One of the most remote islands in Ireland is home to one of the country’s most enduring mysteries. Achill Island was once home to what appeared to be a thriving village established in 1838. Over forty homes once lined the valley near Keem Bay, but today all that remains of the abandoned settlement is a few mounds of earth hinting at what once stood above ground.
Locals in the area have no memory of the village, and the only records left behind were collected by travel writers who noted the village’s serene beauty but described the locals as “primitive and backward.” Given that the other settlements on the island remained inhabited, what could have happened to the village at Keem?
To begin answering this question, a team of researchers and students from the Achill Archaeological Field School have begun carrying out excavations on the village in a search for clues that might help solve this mystery. According to the school’s website, there is evidence of some type of trauma which occurred around the middle of the nineteenth century:
The haunting and evocative remains of the houses are a monument to a traumatic period in the island’s history that is being slowly uncovered by archaeological investigation and documentary research. Folklore associated with the village revolves around the ‘booley (transhumance) phase’ of seasonal livestock herding that took place subsequent to abandonment of the village in the mid nineteenth century.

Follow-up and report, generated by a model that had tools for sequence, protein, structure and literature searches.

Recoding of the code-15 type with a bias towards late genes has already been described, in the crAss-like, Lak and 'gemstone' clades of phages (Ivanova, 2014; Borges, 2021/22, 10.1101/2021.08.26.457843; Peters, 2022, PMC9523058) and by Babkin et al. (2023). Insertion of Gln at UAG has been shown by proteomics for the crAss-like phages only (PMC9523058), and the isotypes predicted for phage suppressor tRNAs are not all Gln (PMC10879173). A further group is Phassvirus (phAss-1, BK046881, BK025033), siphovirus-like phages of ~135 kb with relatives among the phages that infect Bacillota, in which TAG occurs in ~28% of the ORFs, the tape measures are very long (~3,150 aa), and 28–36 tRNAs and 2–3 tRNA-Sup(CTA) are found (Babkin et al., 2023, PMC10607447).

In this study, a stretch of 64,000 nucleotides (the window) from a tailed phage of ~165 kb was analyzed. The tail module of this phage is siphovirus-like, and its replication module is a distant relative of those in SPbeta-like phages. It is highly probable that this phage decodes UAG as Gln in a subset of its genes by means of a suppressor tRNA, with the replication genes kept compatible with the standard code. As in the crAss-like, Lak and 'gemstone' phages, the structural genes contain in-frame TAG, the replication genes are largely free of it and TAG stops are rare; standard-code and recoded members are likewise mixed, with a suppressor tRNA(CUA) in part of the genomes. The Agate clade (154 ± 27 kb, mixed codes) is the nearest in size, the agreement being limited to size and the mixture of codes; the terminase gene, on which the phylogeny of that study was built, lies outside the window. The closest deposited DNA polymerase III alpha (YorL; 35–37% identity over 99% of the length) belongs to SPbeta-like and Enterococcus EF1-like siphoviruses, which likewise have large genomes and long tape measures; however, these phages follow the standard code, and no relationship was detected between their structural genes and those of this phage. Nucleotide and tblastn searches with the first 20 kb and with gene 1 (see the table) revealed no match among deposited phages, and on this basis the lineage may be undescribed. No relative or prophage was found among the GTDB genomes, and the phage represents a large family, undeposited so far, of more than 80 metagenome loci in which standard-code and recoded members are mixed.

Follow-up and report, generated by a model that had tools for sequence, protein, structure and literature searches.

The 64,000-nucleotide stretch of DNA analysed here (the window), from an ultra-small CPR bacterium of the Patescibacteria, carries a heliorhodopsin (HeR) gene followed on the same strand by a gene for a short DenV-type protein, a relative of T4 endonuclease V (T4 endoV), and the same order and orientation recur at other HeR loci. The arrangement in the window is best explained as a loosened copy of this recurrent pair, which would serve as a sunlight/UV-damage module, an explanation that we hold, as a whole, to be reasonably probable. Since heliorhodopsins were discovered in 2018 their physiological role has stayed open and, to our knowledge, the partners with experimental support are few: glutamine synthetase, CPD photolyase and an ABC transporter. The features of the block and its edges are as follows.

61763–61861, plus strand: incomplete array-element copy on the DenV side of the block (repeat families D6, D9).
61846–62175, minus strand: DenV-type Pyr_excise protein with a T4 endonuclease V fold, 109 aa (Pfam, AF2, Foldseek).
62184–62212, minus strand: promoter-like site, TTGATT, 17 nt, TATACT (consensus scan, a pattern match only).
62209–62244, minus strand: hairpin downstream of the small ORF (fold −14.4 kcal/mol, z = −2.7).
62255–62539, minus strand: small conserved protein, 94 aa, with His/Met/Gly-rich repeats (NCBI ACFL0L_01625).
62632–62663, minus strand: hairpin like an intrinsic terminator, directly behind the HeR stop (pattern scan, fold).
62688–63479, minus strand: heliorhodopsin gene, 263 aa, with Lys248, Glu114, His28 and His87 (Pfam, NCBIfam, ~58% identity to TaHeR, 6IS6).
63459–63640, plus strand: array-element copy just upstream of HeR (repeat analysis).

The archaeologists have so far found the houses were typical rural dwellings constructed of stone and mud, which usually leave much more significant ruins than what has been left behind today. According to Irish news outlet IrishCentral, there is evidence that the homes were intentionally destroyed.
Current theories revolve around the great famine that occurred in Ireland around the same time period, although these do not account for the fact that the village appears to have been razed or demolished. The Achill Archaeological Field School plans to return in 2017 to conduct further investigations.